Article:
Frankly, Florida’s ailing property market is the result of many underlying causes. You’re familiar with the list and many of the solutions. Some items are subject to debate, particularly when it comes to priorities, but…conspicuous by its absence is hurricanes. Another season has ended bringing us to the five year mark without a wind event of any kind. Yet, loss frequency is up nearly 30%; severity is up 30%; the average loss per policy is up nearly 70%. The results are that we’ve had more rate increases and insolvencies after five years of no storms than we had after two years in which eight hurricanes ravaged our state.
What happened? Why have the losses for such traditionally profitable perils deteriorated so precipitously, and…only in Florida?
To find the answer we must go back to 2005.
A few realities came to light after the 2004 storms. It was, after all, the first season to truly test the catastrophe response apparatus of Florida’s new breed of domestic carrier. Citizens, you may recall, was so discombobulated that investigations were undertaken, government task forces were formed, employee’s were fired and indicted.
Some had concerns that private carriers might not be able to pay timely either; a few, depending on their policy spread, might not be able to pay at all. Eventually some residential contractors reacted by requiring full payment up front before agreeing to even begin work. Others in the building trades did likewise. Some carriers, particularly those with smaller reserves burned through their lines of credit and surplus in a matter of days and would, perhaps, look for ways to delay replacement cost payments in hopes that reimbursement from Florida’s Cat Fund or commercial reinsurers might help stave off what appeared inevitable.
Say what you will about underlying details; it was a perfect storm for legislative overreaction and Florida lawmakers would not disappoint. In 2005 they hastily enacted CS/SB-1486 which contained two very important provisions that would make Florida the world’s only venue to codify moral hazard. The bill added a section to Fs-627.7011, which stated:
In the event of a loss for which a dwelling or personal property is insured on the basis of replacement costs, the insurer shall pay the replacement cost without reservation or holdback of any depreciation in value, whether or not the insured replaces or repairs the dwelling or property.
Industry lobbyist were agile enough to cajole lawmakers into allowing an exception, for sinkholes, to the above language. An exception was logical; after all, hurricanes were the peril du jour in 2004 and 2005, not sinkholes. Besides, the moral hazard from sinkholes, created by paying the policy “face amount” for a fully habitable home was, and has proven to be, immense. So… reluctant lawmakers agreed to an exception to the prohibition against holding back with paragraphs (a) and (b) of Fs-627.707, as follows:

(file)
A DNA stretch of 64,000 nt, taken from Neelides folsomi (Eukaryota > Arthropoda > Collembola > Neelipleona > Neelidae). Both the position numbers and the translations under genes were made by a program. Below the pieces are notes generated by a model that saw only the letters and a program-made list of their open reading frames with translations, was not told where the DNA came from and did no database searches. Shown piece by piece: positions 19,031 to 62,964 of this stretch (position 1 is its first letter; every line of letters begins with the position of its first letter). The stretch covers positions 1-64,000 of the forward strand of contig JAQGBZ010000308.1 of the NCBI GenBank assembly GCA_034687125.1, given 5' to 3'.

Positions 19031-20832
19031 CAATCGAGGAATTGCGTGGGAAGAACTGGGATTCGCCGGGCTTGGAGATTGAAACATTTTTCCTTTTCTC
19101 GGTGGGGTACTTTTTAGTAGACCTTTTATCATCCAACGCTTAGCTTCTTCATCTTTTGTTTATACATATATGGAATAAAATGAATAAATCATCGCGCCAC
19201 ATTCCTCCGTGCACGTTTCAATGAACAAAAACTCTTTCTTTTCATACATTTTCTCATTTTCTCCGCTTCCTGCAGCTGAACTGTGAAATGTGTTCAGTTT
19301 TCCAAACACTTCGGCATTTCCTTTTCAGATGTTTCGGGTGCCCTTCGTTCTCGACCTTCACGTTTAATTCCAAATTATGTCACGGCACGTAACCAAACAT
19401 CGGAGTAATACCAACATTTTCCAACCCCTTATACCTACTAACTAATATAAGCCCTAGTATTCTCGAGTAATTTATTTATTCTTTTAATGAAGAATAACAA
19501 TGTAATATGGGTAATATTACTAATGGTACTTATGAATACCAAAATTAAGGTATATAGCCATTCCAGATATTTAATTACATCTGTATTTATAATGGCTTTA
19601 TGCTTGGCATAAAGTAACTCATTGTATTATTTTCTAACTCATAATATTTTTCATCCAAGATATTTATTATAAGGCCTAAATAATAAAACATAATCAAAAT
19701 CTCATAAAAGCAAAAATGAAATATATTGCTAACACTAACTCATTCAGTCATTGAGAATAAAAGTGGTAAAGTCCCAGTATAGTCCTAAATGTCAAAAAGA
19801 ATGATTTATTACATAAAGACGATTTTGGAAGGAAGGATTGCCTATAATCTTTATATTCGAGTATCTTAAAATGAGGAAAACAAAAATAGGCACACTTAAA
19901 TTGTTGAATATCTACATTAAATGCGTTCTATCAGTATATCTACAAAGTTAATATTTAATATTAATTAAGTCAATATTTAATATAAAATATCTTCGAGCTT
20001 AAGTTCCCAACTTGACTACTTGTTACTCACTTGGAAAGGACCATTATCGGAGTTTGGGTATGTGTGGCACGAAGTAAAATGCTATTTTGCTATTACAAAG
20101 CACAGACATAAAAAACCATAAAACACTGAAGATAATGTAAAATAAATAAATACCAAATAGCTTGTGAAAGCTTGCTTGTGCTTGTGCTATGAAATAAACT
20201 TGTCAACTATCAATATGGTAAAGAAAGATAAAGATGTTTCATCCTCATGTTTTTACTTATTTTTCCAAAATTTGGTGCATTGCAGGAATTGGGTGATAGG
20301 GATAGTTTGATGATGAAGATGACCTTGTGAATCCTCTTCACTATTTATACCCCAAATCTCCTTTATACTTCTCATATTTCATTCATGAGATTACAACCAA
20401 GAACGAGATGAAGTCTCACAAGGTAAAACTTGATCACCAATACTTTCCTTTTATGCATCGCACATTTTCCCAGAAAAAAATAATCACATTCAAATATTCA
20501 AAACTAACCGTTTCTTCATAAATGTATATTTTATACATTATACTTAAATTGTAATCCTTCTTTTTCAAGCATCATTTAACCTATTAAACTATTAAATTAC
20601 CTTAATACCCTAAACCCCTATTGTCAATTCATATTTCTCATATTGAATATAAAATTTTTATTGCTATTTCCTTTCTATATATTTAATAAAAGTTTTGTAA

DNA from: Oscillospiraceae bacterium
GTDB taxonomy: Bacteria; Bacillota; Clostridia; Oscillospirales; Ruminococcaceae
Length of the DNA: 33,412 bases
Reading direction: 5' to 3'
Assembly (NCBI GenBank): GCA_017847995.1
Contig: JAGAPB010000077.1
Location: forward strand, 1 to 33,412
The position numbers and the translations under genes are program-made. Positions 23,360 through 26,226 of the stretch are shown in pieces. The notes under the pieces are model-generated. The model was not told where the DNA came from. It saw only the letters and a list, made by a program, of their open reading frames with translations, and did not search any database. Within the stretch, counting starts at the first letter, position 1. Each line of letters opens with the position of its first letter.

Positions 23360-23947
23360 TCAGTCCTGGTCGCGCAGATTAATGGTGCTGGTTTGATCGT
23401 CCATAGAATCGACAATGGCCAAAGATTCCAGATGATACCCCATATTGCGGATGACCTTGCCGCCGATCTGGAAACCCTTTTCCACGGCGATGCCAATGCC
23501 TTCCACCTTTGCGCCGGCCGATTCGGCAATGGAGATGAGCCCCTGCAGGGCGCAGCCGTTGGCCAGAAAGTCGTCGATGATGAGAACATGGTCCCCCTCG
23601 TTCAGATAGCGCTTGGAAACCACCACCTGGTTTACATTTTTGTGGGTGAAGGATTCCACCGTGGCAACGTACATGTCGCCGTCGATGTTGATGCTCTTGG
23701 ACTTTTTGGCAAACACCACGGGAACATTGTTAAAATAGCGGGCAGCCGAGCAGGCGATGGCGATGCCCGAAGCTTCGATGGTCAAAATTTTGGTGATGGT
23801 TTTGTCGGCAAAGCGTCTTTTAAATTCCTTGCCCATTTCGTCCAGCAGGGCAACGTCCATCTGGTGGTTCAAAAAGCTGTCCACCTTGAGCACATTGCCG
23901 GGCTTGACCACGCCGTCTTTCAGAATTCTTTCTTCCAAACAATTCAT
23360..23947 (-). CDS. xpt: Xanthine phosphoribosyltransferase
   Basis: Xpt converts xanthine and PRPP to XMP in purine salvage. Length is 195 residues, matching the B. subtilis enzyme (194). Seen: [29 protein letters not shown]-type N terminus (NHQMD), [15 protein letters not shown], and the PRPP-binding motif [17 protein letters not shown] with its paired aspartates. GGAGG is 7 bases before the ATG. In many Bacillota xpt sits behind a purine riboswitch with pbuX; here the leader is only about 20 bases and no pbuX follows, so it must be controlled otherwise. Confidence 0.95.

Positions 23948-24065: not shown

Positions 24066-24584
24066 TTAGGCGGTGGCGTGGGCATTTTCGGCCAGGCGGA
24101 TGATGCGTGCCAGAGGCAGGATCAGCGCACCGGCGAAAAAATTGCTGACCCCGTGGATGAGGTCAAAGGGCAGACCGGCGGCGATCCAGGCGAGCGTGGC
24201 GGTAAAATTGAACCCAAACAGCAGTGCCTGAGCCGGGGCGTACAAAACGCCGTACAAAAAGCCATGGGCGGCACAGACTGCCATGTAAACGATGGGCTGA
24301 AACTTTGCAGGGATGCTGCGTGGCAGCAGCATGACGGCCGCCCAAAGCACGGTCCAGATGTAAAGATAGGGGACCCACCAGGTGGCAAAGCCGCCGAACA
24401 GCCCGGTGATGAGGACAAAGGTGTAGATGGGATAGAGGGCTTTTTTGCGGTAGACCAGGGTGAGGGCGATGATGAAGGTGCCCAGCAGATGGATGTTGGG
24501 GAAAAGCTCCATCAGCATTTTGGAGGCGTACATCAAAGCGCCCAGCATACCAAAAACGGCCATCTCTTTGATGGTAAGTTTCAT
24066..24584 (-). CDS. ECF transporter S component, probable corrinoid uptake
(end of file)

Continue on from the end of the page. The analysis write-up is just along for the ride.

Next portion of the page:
(5)(a) Subject to paragraph (b), if a sinkhole loss is verified, the insurer shall pay to stabilize the land and building and repair the foundation in accordance with the recommendations of the engineer as provided under s. 627.7073, and in consultation with the policyholder, subject to the coverage and terms of the policy. The insurer shall pay for other repairs to the structure and contents in accordance with the terms of the policy.
(b) The insurer may limit its payment to the actual cash value of the sinkhole loss, not including underpinning or grouting or any other repair technique performed below the existing foundation of the building, until the policyholder enters into a contract for the performance of building stabilization or foundation repairs. After the policyholder enters into the contract, the insurer shall pay the amounts necessary to begin and perform such repairs as the work is performed and the expenses are incurred. The insurer may not require the policyholder to advance payment for such repairs. If repair has begun and the engineer selected or approved by the insurer determines that the repair cannot be completed within the policy limits, the insurer must either complete the engineer’s recommended repair or tender the policy limits to the policyholder without a reduction for the repair expenses incurred.
While the exception to sinkholes was well intended (for that matter so, too, was the ill advised provision for other perils) it, nonetheless, had its own unique problems. The five year Statute of Limitations didn’t have a drop dead starting date like Hurricane Wilma provided for hurricane losses. Settlement cracks could be from an alleged sinkhole occurring at “any” time; even the crack itself could’ve gone undetected for a period of time. A five year window simply made it too easy to find a policy period during which sinkhole activity coverage could apply. Also, while carriers may have the right to withhold stabilization costs until contracts are signed, this doesn’t prevent pressure to pay out via the carrier having to pay attorney fees (usually 3 or 4 times what would go to a defense counsel) and the potential for a payout in excess of policy limits via a bad faith allegation.
Finally, having two separate statutes dealing with “holdback” created concerns they were in conflict; one prohibited holdback, the other allowing it. This conflict meant holding back replacement cost payment on sinkholes could lead to a court ordered settlement establishing new and damaging case law.
Logically, the fix to Florida’s problem must lie within the statute that gave rise to those problems in the first place. The industry needs to come together to convince lawmakers to remove the underlined language above, entirely. It’s about time Florida joined the rest of the world, again, by allowing policy language to apply for replacement cost payments, for all perils.
Now you know the rest of the story.